Robotic Jellyfish

Robotic jellyfish could be undersea spy

  • Researchers develop a robotic jellyfish that could be used for undersea surveillance
  • The robot has a white silicone covering that acts as a disguise
  • It's been developed by grad students at Virginia Tech's College of Engineering
  • The robot is still years away from being deployed in the ocean

It's no James Bond. But then again, 007 probably couldn't patrol the ocean depths, in disguise, for hours at a time.

Meet Cyro, the robotic jellyfish.

Cyro is part of a nationwide, multi-university $5 million project funded by U.S. Naval Undersea Warfare Center and the Office of Naval Research.

The goal is to create self-powering, autonomous robots that could be used for underwater surveillance or to monitor the ocean environment.

The jellyfish prototype is 5 feet, 7 inches wide and 170 pounds. A silicone "jelly" covering fits over its mechanical parts.

"We are trying to get it as close as possible to the natural animal, " said Alex Villanueva, a Virginia Tech doctoral student in mechanical engineering. "The way it looks, the way it moves, the general feel of it."

The Navy has been involved with robotic jellyfish in the past, but none has been of this magnitude.

Virginia Tech's research team, led by mechanical engineering professor Shashank Priya, unveiled an early prototype called RoboJelly in 2012. But that robot was only as big as a man's hand.

"One reason to develop a larger vehicle is payload—more room to put instruments, allowing you to achieve more complex missions, " Villanueva said. "But another important thing is that as your robot gets bigger, it actually becomes more efficient ... biologists have shown that the animals, as they get bigger, actually use less energy going from point A to point B."

Cyro, named after the jellyfish Cyanea capillata, has eight aluminum arms and a white, flexible silicone covering. It is designed to mimic the way a real jellyfish propels itself through the water.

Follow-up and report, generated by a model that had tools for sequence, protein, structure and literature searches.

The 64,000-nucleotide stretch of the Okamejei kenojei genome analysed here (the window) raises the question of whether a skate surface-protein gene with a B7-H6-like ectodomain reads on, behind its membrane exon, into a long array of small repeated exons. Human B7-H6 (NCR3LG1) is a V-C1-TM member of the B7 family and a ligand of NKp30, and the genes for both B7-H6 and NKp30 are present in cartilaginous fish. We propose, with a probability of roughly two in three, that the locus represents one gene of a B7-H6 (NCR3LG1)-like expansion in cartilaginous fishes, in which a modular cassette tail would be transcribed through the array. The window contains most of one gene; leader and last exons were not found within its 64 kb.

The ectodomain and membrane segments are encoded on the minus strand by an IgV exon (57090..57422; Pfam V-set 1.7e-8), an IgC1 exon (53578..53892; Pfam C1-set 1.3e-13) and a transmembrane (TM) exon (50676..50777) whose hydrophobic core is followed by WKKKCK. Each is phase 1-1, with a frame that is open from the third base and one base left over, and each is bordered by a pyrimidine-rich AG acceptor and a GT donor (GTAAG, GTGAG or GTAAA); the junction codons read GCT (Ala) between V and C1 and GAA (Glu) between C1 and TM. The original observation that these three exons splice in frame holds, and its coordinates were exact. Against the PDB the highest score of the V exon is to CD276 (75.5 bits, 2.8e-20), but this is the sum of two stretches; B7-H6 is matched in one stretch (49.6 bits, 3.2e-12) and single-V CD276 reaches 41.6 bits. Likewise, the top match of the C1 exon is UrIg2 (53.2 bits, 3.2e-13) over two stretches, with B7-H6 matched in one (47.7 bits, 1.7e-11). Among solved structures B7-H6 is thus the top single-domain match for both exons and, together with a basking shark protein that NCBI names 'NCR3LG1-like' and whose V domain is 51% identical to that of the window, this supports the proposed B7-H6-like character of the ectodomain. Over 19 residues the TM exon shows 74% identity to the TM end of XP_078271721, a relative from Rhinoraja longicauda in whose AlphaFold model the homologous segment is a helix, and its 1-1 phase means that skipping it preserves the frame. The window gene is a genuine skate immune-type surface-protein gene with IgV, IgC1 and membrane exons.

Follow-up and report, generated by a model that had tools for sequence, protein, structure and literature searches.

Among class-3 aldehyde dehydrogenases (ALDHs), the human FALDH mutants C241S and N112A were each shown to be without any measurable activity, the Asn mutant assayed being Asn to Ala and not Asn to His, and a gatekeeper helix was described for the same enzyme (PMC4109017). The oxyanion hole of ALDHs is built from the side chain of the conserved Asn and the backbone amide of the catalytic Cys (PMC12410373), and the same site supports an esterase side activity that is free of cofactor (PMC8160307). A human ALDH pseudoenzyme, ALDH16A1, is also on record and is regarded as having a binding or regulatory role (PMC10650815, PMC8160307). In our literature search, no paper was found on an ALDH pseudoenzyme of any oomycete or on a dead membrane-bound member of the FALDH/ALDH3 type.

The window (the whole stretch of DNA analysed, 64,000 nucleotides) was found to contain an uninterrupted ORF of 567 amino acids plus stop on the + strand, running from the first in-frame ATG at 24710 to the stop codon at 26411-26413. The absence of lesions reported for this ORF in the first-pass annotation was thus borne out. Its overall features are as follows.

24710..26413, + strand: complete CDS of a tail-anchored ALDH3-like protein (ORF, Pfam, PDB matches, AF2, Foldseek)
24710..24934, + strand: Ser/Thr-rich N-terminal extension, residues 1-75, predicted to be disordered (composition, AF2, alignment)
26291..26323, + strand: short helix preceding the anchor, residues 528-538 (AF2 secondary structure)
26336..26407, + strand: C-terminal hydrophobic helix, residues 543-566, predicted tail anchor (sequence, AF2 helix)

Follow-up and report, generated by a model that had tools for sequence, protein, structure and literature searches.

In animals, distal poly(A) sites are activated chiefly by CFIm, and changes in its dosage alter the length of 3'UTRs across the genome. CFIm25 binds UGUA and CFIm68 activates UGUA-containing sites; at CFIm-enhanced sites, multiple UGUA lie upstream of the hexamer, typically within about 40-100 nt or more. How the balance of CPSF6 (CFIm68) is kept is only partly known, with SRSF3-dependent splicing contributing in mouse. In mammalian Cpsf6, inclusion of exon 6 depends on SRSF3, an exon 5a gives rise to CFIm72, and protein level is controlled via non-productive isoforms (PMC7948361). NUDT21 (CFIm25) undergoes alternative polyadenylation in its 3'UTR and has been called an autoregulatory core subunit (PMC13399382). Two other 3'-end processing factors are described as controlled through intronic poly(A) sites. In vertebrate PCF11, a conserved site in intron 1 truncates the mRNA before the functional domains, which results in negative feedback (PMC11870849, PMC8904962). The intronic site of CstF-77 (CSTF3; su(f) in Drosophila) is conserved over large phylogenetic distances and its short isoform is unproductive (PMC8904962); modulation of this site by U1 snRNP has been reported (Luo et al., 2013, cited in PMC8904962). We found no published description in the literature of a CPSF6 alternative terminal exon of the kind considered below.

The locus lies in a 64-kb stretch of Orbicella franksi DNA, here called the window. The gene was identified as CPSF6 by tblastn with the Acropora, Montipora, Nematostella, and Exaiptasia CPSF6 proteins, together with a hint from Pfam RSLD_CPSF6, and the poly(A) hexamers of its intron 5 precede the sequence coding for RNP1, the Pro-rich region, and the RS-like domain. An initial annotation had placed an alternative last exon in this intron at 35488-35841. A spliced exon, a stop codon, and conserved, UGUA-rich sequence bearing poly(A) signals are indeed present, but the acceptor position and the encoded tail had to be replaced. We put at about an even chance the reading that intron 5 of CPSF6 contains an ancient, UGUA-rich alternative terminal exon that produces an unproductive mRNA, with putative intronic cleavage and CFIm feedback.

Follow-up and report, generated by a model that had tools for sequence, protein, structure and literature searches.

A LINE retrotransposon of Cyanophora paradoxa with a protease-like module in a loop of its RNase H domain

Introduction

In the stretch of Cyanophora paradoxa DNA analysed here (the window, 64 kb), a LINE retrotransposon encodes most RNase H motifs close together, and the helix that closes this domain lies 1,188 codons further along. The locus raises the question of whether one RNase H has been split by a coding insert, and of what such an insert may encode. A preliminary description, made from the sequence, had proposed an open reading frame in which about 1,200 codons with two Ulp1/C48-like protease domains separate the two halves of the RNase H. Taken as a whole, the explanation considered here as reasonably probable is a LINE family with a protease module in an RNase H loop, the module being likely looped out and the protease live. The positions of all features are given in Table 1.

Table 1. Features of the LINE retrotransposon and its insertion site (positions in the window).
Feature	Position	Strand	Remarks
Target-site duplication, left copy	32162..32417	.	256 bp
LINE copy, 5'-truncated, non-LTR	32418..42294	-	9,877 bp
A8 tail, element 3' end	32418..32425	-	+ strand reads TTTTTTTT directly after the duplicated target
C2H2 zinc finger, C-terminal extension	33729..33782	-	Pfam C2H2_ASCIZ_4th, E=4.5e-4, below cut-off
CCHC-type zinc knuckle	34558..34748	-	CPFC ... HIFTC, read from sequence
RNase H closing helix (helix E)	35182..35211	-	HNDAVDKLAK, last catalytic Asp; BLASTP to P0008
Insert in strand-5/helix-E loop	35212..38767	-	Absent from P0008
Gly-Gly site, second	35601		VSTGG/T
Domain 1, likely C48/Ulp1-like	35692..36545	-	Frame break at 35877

A control box in the middle of the jellyfish serves as the robot's "brain." The robot does not currently carry a camera, but researchers say one could be added, along with other monitoring instruments.

"Cyro has a basic control system. We program Cyro beforehand and basically map out what we want it to do. So when we turn on Cyro in the water, it follows this mission that we pre-programmed, " Villanueva said.

One of the limitations of this prototype is how long it can swim. The robot can last about four hours continuously using a rechargeable nickel metal hydride battery.

"We're somewhat limited by the batteries, " Villanueva said. "The idea behind the project is to develop these vehicles that can last as long as possible and require as little maintenance as possible. In the future, we're trying to leave this robot in the ocean for weeks and months at a time."

The research team is exploring alternative energy sources to power the robot.

"If you look at the natural animal, it can't swim infinitely without eating. It's the same thing with the robots. They have to refuel, " he said. "We're looking into energy harvesting using any sources that we can in the ocean — solar, wave energy. We're also looking into some more novel methods such as the digestion of nutrients in the ocean waters using microbial fuel cells."

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